Worry not: Look outward upon a radiant new environment loaded with hidden Easter eggs. Go out and listen. There is great peace of mind to be had by exhaling and breathing silently along a calm evening walk. I walk in wonder, staring up at chirping birds on lofty branches, a clear cold sky lit for sunset. “Breathe,” I tell myself, “and concentrate mind in the present.” It’s been a tiring past couple of weeks, this conclusion of autumn and entry into winter. To cheer myself, I throw on the Flamin’ Groovies album Teenage Head — but something’s off, the album fails to suit the mood. I fail to find in it the significance suggested by its title, minus that great line at the end of the song from which the album gets its name: “I’m a child of atom bombs / and rotten air and Vietnams; I am you / you are me.”
The band also released a single the following year, an anti-drug song called “Slow Death” — the same phrase used as the nickname for Substance D, the fictional drug in Philip K. Dick’s doper dystopia A Scanner Darkly. I wonder if Dick was a Flamin’ Groovies fan.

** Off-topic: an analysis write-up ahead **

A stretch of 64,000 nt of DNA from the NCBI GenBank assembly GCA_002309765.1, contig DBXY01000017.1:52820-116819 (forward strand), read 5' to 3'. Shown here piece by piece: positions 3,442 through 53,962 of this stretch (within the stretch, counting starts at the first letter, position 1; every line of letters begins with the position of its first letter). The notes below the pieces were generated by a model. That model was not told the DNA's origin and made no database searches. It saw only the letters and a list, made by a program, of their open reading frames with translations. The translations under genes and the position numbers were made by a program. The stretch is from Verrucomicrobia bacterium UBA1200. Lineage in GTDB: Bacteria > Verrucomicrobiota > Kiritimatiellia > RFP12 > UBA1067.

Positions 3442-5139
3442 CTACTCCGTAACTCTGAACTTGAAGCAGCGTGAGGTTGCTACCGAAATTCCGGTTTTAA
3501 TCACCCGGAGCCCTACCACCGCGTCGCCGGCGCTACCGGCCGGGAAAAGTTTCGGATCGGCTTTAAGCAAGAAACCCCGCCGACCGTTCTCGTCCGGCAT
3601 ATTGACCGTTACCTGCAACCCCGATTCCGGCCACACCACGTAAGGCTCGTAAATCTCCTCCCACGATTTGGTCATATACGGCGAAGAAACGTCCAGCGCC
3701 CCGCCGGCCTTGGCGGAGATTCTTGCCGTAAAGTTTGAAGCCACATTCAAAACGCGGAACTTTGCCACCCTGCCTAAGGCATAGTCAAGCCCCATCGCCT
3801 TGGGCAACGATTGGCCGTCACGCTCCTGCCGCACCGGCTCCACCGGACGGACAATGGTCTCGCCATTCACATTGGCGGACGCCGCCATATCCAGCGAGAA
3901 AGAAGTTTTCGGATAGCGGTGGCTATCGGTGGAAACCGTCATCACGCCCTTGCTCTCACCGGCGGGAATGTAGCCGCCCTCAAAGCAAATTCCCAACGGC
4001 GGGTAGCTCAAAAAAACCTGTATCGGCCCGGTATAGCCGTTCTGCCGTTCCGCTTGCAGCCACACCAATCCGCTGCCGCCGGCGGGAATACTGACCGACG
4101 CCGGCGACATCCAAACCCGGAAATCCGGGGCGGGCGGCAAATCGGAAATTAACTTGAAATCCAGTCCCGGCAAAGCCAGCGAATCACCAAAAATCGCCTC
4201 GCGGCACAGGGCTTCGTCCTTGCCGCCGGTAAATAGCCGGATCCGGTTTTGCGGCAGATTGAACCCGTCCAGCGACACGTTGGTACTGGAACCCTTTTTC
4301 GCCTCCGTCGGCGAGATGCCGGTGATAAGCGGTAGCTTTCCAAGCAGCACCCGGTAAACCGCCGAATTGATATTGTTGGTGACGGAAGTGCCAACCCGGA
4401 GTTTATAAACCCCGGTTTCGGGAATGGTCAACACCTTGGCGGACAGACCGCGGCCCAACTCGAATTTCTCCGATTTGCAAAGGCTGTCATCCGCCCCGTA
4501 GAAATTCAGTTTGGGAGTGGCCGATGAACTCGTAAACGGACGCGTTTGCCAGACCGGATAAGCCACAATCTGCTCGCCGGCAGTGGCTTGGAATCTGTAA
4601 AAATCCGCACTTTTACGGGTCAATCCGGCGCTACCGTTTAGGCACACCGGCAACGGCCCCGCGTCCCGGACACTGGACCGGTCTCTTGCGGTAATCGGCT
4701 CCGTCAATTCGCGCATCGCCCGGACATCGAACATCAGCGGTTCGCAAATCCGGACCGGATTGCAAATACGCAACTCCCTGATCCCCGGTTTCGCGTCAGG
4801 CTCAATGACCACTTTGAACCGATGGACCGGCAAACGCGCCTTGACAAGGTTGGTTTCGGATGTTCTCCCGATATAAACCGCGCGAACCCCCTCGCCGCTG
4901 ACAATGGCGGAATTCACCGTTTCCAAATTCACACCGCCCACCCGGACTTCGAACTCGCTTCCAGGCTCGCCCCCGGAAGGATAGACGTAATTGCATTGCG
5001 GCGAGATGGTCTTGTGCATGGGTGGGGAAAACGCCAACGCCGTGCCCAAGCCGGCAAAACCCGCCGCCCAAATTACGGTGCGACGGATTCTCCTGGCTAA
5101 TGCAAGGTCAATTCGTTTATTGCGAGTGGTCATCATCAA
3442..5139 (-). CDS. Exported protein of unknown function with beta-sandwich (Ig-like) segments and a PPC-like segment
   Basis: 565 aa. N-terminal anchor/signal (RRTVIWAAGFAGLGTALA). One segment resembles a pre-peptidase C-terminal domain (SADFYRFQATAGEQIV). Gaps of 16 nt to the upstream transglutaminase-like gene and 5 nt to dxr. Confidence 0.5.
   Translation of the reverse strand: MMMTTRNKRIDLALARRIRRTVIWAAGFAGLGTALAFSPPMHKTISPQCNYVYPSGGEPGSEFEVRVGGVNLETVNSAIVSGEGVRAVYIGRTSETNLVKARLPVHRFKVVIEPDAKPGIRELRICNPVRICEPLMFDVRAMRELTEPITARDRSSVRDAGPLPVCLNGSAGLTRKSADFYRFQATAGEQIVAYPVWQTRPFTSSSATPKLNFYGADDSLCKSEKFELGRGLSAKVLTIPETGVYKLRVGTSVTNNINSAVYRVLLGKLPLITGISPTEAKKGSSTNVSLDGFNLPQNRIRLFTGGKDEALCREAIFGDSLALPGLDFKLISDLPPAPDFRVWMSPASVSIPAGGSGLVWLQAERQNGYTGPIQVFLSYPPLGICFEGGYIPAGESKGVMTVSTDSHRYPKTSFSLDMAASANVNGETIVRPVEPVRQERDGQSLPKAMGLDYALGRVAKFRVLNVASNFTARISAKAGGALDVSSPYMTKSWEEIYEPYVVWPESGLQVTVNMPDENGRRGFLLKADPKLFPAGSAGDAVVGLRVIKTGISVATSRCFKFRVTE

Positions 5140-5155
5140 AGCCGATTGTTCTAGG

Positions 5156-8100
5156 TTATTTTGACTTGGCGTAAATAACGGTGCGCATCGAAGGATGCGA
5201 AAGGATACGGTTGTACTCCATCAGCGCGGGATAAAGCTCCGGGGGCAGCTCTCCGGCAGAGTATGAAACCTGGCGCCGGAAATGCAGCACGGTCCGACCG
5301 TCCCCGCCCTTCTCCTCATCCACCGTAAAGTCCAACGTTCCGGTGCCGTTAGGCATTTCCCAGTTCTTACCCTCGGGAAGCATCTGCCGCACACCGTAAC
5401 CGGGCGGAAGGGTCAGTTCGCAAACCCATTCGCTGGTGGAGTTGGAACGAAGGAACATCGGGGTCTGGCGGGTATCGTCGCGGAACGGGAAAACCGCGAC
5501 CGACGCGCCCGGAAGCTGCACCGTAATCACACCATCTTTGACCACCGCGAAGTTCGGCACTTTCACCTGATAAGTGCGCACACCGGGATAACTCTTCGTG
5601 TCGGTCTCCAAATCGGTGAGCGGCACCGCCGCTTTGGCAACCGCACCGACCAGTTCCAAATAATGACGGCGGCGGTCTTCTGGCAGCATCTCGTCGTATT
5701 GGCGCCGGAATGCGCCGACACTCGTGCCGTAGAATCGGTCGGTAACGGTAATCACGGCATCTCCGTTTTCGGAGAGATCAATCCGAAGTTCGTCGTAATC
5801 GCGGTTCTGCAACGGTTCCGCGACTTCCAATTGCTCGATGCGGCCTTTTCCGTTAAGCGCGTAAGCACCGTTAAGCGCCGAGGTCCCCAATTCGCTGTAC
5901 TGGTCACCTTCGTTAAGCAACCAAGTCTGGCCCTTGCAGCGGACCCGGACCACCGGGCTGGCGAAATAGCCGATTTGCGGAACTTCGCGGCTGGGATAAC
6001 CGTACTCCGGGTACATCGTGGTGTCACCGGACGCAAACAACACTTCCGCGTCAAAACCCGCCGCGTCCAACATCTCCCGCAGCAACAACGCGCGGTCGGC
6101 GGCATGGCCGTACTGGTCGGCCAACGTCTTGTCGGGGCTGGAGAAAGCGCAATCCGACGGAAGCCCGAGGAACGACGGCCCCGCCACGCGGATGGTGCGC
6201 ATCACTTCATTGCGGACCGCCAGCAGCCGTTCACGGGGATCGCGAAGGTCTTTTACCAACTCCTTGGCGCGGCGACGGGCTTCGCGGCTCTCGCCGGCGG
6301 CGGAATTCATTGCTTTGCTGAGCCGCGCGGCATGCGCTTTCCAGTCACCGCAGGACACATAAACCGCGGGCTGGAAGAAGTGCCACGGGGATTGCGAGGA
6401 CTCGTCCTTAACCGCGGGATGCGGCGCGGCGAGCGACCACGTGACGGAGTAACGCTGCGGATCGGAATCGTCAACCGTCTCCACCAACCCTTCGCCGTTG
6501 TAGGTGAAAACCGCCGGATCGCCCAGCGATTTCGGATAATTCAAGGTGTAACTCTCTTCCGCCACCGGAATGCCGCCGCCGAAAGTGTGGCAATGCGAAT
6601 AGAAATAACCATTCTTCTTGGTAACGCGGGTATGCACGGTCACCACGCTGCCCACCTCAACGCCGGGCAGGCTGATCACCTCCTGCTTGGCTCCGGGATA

The stories we read and tell one another compose us collectively into an intersubjective multiverse linked by each consciousness holding up to the Other its mirror. Philip K. Dick’s A Scanner Darkly is a hard novel to end a course on, hard because it contains so many prior horizons of psychedelic-utopian possibility in the uncertainty and despair of its narrative universe. I worry that the book inspires in its readers an excess of aversion to chemical modification of consciousness. The book is too unqualified in its denunciation of drug use; the book’s fictional Substance-D operates allegorically (most vividly via its street name “slow death”) as an emblem, a universal shorthand for every drug — drugs in general. Dick leaves readers without a positive alternative to the “straight” world’s miserly, hypocritical relationship to mental health, where “sanity” equals mind-numbing adherence to pre-established norms, and all are expected to board what Margo Guryan called “The 8:17 Northbound Success Merry-Go-Round.”